In the offseason, stuck in a studio apartment while his house was being built in Georgia, Neville Hewitt was engaged in a self-directed regimen of PDP. ... Preparation During Pandemic.
"I was working out four, five times a day in a gym, then the pandemic hit and I had to stop for two weeks. I was staying in a studio apartment and I started doing workouts waiting for my house to be built."
He had to scramble to cobble together the equipment he needed for his ad hoc workouts, while, as a free agent, hoping to re-up with the Jets for at least another year.
"I want to push myself, I was a free agent and I didn't know where I'd be," Hewitt told The Official Jets Podcast on a remote video hookup from his car. "The idea is to go in and be able to compete. Being prepared to compete is my mindset every season. To compete with whoever is ahead of me and be prepared to win position battles."
So back to the equipment scramble: How, exactly, does an elite professional athlete train in a studio apartment during a pandemic?
"The whole experience was crazy to me," he said. "I wasn't supposed to be at that apartment. When that happened, it made things even worse. Things in life happen for a reason. Life goes on, you have to adjust. I knew the work I was putting in before the pandemic hit, I knew I was in a good place. I had to keep on going doing my cardio and core work.
"In the apartment I ordered all kinds of stuff from Amazon, pull-up bar, and jump ropes. I even have a video of this stuff. It's crazy. You couldn't find dumbbells anywhere. You had to take what you could get. I was running only because my building has a parking deck and I would go to the top and run sprints up there. Jump rope. All kinds of stuff."
After a couple of weeks, gyms in Georgia reopened and Hewitt was back at it. Later in March, he re-signed with the Jets on another one-year deal and this season has solidified his position as a key cog in the middle of the Jets 3-4 defense. In his second season with the Jets, 2019, Hewitt had 75 tackles, 3 sacks, 5 passes defended and 2 interceptions in 12 games (he missed four games because of injury). This season he has played in all 12 games to date and leads the team with 103 combined tackles (67 solo), 2 sacks, 4 TFLs, and a forced fumble and a fumble recovery.
At 27, Hewitt is an undrafted free agent who has managed to secure a roster spot for six seasons, first with Miami (three seasons) then with the Jets. Coming into the NFL after playing at Marshall University, Hewitt knew he would have to prove himself each and every day. He now teams with another undrafted free agent, Harvey Langi, as the two inside linebackers.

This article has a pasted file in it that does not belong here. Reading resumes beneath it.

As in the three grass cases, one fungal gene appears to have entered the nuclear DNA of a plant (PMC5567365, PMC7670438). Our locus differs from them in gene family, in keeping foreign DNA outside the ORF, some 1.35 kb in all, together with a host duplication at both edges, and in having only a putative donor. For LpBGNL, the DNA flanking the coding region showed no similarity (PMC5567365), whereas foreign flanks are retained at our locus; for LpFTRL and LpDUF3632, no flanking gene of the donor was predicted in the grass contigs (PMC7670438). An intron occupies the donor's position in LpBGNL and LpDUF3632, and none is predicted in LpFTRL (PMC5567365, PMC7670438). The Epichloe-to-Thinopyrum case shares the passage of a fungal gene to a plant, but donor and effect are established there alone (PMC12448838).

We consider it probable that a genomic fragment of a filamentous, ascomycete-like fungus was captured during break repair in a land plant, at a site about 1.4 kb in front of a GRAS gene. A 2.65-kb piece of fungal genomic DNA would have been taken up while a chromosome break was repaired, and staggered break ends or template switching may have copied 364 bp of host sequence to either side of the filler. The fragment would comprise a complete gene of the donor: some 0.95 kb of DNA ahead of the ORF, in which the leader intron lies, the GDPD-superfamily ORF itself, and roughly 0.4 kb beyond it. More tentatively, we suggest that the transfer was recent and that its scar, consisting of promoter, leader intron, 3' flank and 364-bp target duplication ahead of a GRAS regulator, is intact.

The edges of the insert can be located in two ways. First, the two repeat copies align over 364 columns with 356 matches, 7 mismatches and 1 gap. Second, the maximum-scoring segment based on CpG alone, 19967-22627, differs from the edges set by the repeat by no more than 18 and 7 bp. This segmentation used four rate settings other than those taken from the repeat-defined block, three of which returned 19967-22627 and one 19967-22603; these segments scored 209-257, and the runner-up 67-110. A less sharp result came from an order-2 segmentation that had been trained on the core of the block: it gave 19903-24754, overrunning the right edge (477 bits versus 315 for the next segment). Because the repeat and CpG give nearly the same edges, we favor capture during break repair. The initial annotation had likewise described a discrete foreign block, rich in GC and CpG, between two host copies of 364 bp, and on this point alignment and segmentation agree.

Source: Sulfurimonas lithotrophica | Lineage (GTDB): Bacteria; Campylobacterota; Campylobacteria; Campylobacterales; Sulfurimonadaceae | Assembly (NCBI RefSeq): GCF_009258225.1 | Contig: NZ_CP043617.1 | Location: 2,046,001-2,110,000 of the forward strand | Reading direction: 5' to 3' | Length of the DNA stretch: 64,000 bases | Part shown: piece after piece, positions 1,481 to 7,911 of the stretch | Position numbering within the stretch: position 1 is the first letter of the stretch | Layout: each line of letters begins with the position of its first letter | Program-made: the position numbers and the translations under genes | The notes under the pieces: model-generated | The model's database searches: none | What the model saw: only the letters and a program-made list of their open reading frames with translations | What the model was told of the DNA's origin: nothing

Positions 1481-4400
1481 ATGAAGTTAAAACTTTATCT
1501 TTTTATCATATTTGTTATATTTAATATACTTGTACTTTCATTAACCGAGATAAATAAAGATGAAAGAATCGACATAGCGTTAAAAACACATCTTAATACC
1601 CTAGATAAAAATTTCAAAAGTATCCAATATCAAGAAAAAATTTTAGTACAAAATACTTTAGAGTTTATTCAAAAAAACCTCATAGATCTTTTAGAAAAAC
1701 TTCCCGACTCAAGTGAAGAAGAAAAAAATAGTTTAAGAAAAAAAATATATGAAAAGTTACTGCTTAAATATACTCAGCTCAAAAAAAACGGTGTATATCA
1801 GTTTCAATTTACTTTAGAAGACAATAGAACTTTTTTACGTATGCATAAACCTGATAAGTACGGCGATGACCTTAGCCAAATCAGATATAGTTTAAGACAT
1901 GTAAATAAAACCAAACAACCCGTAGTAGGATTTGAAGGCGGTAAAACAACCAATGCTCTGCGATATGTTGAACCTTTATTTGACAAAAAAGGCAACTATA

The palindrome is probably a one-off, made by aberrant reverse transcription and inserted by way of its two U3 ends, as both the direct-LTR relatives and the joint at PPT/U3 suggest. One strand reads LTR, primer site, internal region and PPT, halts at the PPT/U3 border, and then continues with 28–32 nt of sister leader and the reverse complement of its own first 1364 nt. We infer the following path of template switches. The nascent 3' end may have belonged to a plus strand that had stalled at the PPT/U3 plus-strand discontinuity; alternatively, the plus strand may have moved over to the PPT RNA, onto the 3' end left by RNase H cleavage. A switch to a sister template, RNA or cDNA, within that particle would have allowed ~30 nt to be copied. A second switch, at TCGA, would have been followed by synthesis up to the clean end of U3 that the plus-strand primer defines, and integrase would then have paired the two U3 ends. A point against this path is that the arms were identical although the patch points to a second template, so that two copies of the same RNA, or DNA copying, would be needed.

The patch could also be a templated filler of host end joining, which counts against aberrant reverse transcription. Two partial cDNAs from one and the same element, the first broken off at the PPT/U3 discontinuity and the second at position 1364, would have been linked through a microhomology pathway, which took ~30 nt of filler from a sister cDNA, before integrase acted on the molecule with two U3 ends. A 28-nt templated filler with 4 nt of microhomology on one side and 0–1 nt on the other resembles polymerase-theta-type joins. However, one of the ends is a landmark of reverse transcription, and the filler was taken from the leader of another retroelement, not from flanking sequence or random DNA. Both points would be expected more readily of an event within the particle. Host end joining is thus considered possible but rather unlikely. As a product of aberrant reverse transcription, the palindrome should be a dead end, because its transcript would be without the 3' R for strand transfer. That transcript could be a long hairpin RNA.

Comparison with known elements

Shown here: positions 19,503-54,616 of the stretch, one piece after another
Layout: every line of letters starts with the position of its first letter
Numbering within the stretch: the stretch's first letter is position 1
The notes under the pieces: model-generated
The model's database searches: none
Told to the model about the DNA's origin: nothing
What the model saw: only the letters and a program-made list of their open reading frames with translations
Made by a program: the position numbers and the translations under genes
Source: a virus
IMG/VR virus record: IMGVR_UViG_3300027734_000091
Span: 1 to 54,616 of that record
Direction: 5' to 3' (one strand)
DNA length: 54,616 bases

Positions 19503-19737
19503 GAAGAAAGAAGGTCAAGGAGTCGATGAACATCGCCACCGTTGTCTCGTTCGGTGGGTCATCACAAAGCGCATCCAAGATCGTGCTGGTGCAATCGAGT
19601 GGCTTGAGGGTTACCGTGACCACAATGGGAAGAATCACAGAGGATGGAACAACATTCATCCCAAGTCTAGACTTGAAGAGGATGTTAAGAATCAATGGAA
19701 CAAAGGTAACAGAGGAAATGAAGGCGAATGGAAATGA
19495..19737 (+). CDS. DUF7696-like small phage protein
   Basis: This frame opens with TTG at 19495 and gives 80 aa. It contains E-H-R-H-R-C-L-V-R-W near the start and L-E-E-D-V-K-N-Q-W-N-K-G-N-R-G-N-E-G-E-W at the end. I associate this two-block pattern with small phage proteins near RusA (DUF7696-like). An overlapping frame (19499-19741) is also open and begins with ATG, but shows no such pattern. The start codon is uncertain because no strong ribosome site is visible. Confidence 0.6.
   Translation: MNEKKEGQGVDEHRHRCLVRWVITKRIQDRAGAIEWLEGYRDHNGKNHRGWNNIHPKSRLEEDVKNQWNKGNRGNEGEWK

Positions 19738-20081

"Coming into the league undrafted you see another side," he said. "You're always fighting, trying to get as much respect as the guys who were drafted. Playing at the same level or better, they're going to get more shots. That's who the team invested in.
"For us [Hewitt and Langi], both of us had crazy stories. Harvey in a car accident where he almost lost life. I come from a background where my mom was incarcerated [on a drug trafficking charge], I went to junior college [Georgia Military College] then to D1 and had neck surgery. A lot of [NFL] teams passed on me. I went to Miami and got hurt and finally got cleared after the stinger. I remember being in there and remember how I felt. All I want to do is play football. We all want to get paid, but we're all here because we love this game. For me, every time I go out there it's about respect, trying to earn respect from my teammates and the people we're playing against.
"I told our guys to make a name for yourself, make the most of this opportunity because you never know what game, what day is going to be your last play. If you don't give it your all you're going to regret it."
Three-quarters of the way through a challenging season with the Jets, Hewitt said he often falls back on something his mother taught him -- be positive.
"She always said if you're going to do something, do your best at it," Hewitt said. "This season we've been in games I feel we should have won. Sometimes there's a call or two you want back, a play or two you want back. For some reason we've been falling short week after week after week. It's frustrating."
And while last Sunday's loss to the Raiders was difficult to handle, Hewitt said he had no problem with the late call that led to the final Las Vegas TD, a long pass from Derek Carr to rookie Henry Ruggs against an all-out Jets blitz.
"I don't question the decision on the play, we wanted to get after them," he said. "And they end up throwing it for a TD. It's frustrating because we all know it should have gone another way. It makes it hard for me to go in there and tell guys to keep working hard. At the end of day you have to have goals, keep coming, keep getting better each game. It is going to work out for you."